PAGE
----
Setting out on day 1 in Bangkok, we had to relearn just how to move throughout an enormous new foreign city. We quickly got acquainted and made use of an efficient water taxi system on the Chao Phraya River, one of the cheapest ways to make distance in the urban jungle. Wat Arun (The Temple of the Rising Sun) could be seen as we made our way upriver.
Already wary of the tourist traps we were likely to encounter on our initial exploration, we immediately had to enter full defensive mode when our river taxi landed in the area surrounding the Grand Palace and Wat Pho (the tourist epicenter of the city). We quickly retreated from this area as Tuk Tuk drivers, Palace “security guards” and random passersby volleyed an onslaught of overpriced tour offers and other schemes to pry open our wallets. We hoofed it as fast as we could away from the scene and found ourselves in more local and far more interesting regions of the city.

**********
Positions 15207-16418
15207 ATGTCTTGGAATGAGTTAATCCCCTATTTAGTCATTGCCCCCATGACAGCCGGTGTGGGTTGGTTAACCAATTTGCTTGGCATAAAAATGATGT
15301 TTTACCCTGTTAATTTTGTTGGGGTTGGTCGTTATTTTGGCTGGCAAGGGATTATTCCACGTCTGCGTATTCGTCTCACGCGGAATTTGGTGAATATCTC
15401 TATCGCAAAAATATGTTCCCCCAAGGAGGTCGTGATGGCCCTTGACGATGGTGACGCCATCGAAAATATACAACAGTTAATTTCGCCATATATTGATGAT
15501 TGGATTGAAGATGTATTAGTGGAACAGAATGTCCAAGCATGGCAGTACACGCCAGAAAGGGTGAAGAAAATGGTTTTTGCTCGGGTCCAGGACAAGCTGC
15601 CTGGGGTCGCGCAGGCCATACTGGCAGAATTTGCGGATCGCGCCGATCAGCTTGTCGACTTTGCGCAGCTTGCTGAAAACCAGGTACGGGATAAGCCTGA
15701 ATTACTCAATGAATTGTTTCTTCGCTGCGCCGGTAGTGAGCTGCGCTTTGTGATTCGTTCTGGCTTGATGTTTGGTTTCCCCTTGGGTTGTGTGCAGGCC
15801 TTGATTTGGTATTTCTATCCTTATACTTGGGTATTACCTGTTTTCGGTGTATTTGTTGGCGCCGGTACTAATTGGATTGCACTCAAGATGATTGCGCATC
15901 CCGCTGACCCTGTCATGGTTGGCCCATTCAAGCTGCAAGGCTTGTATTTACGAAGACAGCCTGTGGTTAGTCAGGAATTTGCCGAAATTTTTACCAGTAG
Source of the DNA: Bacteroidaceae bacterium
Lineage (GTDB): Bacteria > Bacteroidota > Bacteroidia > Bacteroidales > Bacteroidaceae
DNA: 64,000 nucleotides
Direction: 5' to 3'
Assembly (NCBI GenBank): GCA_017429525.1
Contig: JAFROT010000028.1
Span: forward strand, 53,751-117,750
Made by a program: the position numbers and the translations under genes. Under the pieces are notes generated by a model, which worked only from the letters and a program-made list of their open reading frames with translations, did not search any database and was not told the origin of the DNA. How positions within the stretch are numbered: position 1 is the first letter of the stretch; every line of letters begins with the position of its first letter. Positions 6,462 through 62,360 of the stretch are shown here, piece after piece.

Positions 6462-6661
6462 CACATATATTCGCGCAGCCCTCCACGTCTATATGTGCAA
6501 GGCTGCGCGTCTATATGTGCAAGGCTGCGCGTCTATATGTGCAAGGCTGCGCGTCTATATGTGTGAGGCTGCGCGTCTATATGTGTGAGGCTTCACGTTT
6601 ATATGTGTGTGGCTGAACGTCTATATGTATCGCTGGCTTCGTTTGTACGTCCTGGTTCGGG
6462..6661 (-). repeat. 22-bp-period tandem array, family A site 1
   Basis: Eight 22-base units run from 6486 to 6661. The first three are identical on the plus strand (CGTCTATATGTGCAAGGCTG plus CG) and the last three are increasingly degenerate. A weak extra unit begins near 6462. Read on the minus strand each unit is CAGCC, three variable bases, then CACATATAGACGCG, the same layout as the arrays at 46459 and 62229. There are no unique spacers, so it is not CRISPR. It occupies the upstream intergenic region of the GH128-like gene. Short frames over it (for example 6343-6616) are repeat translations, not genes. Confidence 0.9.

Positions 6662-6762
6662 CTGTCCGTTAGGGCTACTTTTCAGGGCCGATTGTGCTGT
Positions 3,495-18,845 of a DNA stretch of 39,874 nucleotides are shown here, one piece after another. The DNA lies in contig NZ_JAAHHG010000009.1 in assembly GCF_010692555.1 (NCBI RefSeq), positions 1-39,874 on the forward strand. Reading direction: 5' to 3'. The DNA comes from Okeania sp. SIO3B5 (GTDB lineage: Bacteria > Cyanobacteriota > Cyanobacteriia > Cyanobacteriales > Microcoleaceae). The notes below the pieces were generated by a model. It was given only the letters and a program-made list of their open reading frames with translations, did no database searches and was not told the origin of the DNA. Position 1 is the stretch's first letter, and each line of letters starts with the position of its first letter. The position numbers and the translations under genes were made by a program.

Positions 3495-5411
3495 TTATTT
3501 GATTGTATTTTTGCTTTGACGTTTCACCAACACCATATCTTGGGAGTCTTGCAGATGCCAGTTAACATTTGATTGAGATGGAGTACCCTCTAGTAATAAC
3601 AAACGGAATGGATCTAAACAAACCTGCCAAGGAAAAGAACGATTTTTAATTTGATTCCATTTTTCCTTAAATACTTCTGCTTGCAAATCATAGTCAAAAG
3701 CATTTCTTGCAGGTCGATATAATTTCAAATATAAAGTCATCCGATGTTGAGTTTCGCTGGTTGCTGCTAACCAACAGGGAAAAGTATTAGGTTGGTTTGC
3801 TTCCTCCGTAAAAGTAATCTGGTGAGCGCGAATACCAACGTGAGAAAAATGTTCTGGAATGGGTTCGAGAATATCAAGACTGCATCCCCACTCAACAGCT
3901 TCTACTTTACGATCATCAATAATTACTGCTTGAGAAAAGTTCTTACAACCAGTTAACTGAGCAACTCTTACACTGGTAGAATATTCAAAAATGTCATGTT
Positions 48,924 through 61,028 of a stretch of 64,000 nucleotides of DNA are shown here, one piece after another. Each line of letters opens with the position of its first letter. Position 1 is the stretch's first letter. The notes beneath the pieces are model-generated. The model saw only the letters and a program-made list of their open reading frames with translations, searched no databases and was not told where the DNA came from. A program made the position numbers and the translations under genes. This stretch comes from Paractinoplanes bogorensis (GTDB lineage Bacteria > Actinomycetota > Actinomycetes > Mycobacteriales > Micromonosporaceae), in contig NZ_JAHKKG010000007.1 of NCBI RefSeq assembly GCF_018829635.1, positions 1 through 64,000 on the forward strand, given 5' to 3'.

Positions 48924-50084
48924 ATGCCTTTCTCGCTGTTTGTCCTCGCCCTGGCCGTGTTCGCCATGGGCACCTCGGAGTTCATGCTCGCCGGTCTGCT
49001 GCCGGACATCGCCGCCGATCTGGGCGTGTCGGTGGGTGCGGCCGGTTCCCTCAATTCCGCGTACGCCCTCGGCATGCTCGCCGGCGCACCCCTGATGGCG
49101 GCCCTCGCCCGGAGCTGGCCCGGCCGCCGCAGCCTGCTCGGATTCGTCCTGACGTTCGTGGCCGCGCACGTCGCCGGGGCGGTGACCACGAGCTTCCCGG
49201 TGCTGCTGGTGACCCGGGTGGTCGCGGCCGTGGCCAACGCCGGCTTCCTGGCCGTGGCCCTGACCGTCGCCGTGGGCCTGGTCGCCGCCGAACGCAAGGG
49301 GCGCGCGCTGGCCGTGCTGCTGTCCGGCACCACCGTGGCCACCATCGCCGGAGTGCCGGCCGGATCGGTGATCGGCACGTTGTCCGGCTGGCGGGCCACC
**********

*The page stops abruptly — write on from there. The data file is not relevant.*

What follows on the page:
Eventually we made it to China Town, and were greeted with a heavenly assortment of food stalls lining the streets for blocks and blocks. We spent hours exploring and deciphering the multitude of exotic culinary offerings that were available at our fingertips. Once again, the rule of thumb dictating, “find the longest lines with locals and stand in them” served us very well. Noodle soup with pork bits, dumplings and fried bread for dessert were some of our favorite bites of the evening.